Tuesday, February 26, 2008

Anticipating Agents

The cathode efficiencies for nickel deposition is high in the Watts Bath; nevertheless sufficient hydrogen ions are discharged that pitted plate result from slowly forming hydrogen gas bubbles clinging to the growing cathode deposit. To prevent pitted deposits, certain anionic wetting agents which do not appreciably affect the ductility or stress of the plate are used. Before the advent of bright plating using organic additives to produce bright deposits, hydrogen peroxide was used in the plain baths to prevent pitting, and is still used in some cases. When it is carefully used dull nickel plate of very high ductility is obtained. It function by depolarization of the cathode with respect to hydrogen evolution, and by oxidation of traces of organic contaminant in the bath. The usual recommendation for a Watt bath is an addition. Once a day of 0.5 ml of 30% hydrogen peroxide per liter of solution. A grade free of organic and metallic stabilizers should be used, used and localized additions next to the cathode should be avoided. An excess of hydrogen peroxide seriously increased the tensile stress and caused burning, a decrease in the limiting current density for the given plating conditions, and embrittlement of the plate. For this reason, the use of a proper wetting agent should always be given first consideration.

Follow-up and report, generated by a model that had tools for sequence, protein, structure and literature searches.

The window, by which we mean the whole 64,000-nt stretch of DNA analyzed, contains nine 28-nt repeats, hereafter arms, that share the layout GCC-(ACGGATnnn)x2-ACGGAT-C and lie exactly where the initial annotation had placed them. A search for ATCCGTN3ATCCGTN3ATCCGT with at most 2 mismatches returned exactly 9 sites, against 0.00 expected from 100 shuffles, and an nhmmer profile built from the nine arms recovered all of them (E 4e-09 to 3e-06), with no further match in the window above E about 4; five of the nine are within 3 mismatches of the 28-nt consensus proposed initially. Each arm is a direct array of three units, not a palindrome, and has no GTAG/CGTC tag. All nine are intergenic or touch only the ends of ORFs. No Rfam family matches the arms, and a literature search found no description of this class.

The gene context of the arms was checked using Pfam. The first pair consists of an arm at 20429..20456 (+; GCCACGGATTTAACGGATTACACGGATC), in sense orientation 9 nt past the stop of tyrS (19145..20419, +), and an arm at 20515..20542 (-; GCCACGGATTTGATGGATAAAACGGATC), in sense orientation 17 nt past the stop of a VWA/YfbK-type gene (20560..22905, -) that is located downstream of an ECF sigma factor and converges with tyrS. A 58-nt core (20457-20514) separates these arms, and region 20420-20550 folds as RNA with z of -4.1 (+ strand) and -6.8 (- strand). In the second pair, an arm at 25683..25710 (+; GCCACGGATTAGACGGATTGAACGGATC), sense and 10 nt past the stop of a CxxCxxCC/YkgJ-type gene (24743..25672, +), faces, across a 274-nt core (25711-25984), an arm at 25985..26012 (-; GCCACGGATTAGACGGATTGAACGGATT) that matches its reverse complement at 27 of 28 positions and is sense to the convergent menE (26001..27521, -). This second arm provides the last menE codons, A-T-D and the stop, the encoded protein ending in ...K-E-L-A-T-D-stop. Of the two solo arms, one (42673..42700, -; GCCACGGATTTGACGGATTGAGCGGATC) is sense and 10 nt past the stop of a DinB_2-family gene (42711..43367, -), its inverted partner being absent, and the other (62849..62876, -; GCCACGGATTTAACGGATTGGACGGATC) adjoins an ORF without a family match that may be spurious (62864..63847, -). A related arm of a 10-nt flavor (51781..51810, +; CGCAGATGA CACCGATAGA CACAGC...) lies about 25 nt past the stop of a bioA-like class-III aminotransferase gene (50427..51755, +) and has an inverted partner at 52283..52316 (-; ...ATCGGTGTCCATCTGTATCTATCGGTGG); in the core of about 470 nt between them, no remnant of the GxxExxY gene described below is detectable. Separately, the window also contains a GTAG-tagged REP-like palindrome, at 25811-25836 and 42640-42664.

It is essential that oil, grease, and other undesirable organic contaminants be prevented from entering the bath as these contaminants may make the peroxide as well as the wetting agent ineffective.


Fractional percentage of cobalt derived from anodes or salts have no significant effect on the properties of nickel deposits. The effect of appreciable additions of cobalt have received much study, and in general, the alloy plate is harder and more highly tensile stressed than nickel. The effects of cobalt's in semibright  and bright nickel are discussed under next heading.


Composition Range

The typical formula is excellent for an average cathode current density of 5 A/dm2 at a temperature of 50oC. Under such conditions local current densities of one-half or twice this value will still result in excellent deposits. For plating at lower current density for example 2 A/dm2, the nickel sulfate and nickel chloride contains may be halved. For higher density than normal, their concentration can be increased, but the practical difficulty of  excessive dragon losses and crystallization set a limit to such changes. Current density higher than 10 A/dm2 are better achieved by increase in agitation, temperature and ratio of chloride to sulfate.

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